Since he launched his eponymous clothing line Baldwin eight years ago, designer Matt Baldwin has garnered industry accolades (he was a CFDA Vogue Fashion Fund finalist in 2015 and one of GQ’s Best New Menswear Designers in 2013) and growing commercial success. His distinctly American brand — much of which is made in the U.S. — has evolved from a small offering of raw selvedge jeans to other clothing categories, although jeans remain an always important element.
This year, Baldwin is expanding its retail footprint from its two extant shops in Missouri and Kansas and opening standalone doors in three major U.S. cities: New York, Dallas, and Los Angeles. In a nod to the brand’s Midwestern roots, the new New York shop features a wheat field in the front window and a very cool fitting room that resembles a silo.
The affable designer/retailer caught me up on these exciting goings-on at the official launch party for the New York store last week:
When did you launch Baldwin?
The line started in 2009. I put out my first pair of jeans in August 2009. I put three cuts of denim on the table in Kansas City in our shop and we literally sold 22 pairs on the first day, right in the heart of the recession. It has really naturally compounded and grown.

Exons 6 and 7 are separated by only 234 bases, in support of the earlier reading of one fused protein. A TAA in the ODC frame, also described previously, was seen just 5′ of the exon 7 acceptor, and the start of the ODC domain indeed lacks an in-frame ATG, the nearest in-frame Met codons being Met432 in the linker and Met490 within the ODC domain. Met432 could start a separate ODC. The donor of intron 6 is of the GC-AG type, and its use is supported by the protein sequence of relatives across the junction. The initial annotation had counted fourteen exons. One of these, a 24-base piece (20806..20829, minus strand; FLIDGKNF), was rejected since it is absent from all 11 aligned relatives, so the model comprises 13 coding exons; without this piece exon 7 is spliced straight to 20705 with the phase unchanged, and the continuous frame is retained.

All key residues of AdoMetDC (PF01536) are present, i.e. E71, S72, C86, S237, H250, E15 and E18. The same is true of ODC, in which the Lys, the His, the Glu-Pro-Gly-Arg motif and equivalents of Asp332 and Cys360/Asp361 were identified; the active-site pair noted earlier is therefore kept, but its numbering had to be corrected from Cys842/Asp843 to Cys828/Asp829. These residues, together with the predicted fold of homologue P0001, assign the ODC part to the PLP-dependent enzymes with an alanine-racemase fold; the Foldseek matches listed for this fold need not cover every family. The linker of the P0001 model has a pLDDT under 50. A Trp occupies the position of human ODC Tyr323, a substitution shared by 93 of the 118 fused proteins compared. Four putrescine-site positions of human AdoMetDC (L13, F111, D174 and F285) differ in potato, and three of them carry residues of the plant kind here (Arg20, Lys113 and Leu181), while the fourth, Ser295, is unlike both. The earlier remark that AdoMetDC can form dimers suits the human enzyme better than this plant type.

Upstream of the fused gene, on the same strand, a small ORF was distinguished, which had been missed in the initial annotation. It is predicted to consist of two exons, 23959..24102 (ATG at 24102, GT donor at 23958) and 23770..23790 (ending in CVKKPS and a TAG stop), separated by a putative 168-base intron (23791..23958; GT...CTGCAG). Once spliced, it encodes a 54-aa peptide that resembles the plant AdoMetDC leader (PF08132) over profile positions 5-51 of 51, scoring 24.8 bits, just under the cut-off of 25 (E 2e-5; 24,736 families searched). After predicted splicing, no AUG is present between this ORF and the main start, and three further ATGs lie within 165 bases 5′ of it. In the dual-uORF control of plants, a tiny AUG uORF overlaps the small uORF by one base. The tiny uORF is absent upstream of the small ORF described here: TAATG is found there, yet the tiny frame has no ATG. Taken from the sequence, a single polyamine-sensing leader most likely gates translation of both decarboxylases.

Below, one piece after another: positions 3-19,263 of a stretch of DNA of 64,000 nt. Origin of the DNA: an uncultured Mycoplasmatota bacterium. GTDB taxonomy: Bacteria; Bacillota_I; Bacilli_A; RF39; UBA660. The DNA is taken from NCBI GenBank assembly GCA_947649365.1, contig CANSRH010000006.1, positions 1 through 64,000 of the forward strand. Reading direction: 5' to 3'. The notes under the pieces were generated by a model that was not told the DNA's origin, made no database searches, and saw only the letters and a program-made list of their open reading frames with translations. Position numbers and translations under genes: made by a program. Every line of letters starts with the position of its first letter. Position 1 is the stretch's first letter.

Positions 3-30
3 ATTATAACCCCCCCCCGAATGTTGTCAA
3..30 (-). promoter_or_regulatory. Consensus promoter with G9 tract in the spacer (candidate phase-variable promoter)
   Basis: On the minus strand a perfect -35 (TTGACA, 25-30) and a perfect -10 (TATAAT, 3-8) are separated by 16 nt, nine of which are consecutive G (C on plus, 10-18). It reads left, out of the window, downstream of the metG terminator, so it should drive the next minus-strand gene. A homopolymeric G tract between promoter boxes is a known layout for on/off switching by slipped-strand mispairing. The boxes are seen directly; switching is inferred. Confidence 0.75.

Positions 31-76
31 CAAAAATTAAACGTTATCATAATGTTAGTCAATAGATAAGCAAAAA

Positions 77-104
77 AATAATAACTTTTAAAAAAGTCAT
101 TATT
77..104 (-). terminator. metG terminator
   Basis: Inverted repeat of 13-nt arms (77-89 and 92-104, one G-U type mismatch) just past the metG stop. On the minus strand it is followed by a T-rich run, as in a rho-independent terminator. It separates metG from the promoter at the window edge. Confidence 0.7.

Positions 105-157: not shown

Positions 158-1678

What’s your aesthetic? What is Baldwin the brand all about?
I believe that everyone needs to own their space, and I believe we all have something to say and contribute just being that “one of one,” if you will. Our “one of one” space is a distinctly American style coming from Kansas City, [Missouri], from the heartland of America. Growing up, I went to school on the East Coast, I spent years in Colorado, and I went to fashion school in Los Angeles, and I say that because I really got to know a lot of regions and cultures of cities in this country in my career over the last 20 years in apparel. With that, I have put a lot of that American style and the history of our country [into my brand], and that’s why I manufactured denim as my first category. I had a love for the category and it was the one thing I knew that every American needed: a quality pair of denim.
We all grew up on it, and it forms and functions in our life to a very big value proposition. I really learned this because, prior to opening the retail stores, I bought and sold 35 brands globally, starting in 2003 up until I launched the brand.
When I took my own point of view, I went back to the roots. When you look at the history of denim, you look at the three coasts. (I call Kansas City “mid coast” jokingly many times.) You had Levi Strauss in San Francisco, Lee Denim in Kansas City, and then you had Wrangler in North Carolina. I think denim represents our country regionally in a way that is really special. I have kind of grew up on blue jeans since I can remember, and my kids have done the same now. It was a category where I really wanted to make an impact and have a point of view that contributed to the category in the U.S. So, that sort of started the whole thing.
You obviously started with jeans, but the collection has grown. What are some of your favorite non-denim pieces currently?